Feminism in India’s editorial policy has become a talking point on Twitter

They are being called crazy, trash, cancers of society, dumb, feminazis.

By: Express Web Desk | Published: July 6, 2016 4:20 pm
They formed a new editorial policy where men don’t write on women’s exp, upper-castes on Dalits, heterosexuals on LGBT, etc. They formed a new editorial policy where men don’t write on women’s exp, upper-castes on Dalits, heterosexuals on LGBT, etc./ FII

In today’s world, it’s hard to define feminism because every feminist and non-feminist has his/her own definition of the term — which often does not share the same ground. And sadly, so is the understanding of marginal sections of society like Dalits, LGBTQs and others. And the conclusion is that you just can’t keep everyone happy so forget about it and do what you have to do.

Feminism In India, an online platform giving voice to the issues of the less privileged, recently changed their editorial policy and shared it on Twitter.

“We formed a new editorial policy where men don’t write on women’s exp, upper-castes on Dalits, heterosexuals on LGBT, etc. No appropriation. This is an attempt to make our feminist politics as intersectional as possible & give voice to the most marginalized. FII is a place for all,” they tweeted.

Unexpectedly, this tweet did not just pass off as yet another regular tweet on policy decision, but eventually snowballed into a larger debate discussing if the organisation is encouraging discrimination, exclusion and segregation. They are being called crazy, trash, cancers of society, dumb, feminazis.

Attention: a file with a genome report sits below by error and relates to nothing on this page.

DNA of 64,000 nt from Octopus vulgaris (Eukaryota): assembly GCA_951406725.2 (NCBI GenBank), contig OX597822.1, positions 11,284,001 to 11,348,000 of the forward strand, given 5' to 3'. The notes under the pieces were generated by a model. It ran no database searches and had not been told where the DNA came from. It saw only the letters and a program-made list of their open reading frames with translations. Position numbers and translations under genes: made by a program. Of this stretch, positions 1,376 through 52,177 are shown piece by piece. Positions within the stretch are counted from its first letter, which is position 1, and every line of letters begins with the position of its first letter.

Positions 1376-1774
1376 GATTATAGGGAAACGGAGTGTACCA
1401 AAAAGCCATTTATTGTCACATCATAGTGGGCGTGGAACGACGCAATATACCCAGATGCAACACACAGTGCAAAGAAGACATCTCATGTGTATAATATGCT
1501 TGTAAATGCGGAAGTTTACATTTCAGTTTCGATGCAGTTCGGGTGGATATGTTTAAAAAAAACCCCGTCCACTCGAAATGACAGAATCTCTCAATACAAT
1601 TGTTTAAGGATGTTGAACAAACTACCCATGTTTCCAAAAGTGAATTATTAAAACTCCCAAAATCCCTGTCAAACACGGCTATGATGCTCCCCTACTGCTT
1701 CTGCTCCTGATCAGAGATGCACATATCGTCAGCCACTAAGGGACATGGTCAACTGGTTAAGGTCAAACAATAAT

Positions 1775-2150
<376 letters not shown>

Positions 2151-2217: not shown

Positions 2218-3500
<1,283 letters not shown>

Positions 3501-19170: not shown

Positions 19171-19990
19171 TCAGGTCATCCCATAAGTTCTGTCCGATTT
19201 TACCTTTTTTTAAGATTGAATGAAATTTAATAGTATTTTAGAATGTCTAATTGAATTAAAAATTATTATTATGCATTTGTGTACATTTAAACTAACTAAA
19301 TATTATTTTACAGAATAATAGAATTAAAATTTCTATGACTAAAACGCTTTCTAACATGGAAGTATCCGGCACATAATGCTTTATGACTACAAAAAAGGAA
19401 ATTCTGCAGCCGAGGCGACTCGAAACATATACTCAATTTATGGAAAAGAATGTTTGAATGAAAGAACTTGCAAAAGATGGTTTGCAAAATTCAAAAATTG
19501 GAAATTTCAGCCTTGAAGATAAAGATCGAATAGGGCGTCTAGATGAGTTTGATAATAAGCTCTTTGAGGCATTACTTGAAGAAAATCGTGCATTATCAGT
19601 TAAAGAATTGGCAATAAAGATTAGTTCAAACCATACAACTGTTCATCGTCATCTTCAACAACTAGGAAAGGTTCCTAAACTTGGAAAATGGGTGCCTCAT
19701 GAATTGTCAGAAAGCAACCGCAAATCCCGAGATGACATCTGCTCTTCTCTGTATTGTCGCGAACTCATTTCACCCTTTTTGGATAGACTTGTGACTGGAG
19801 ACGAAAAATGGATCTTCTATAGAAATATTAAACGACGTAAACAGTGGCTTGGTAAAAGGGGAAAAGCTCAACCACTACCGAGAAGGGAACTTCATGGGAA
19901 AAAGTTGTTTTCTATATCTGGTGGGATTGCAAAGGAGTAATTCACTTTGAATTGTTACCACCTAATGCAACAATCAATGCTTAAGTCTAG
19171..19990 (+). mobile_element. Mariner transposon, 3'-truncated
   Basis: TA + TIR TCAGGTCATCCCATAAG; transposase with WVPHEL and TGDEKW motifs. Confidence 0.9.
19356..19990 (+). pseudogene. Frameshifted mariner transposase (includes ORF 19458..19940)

Now, the bigger question is: Are they really doing what they’re being accused of? It’s a policy that want’s to give first-person voice to the marginal section highlighting their own issues rather than an armchair piece by someone who may/may not have experienced the life but has been witness to it. In this, they’re not limiting or excluding any section, just adding another viewpoint, while others can do reportage.

The team was clearly forced to explain their policy here.

As it is, there are two sections always debating about how feminism should be seen and lived in India. There are readers who read an article about Section 377 written by a straight guy and shuns it saying “how does he/she know what it is really about” and then there are these who are not ready to accept an editorial policy because apparently, it gives a singular point of view!

People just can’t seem to make up their minds!

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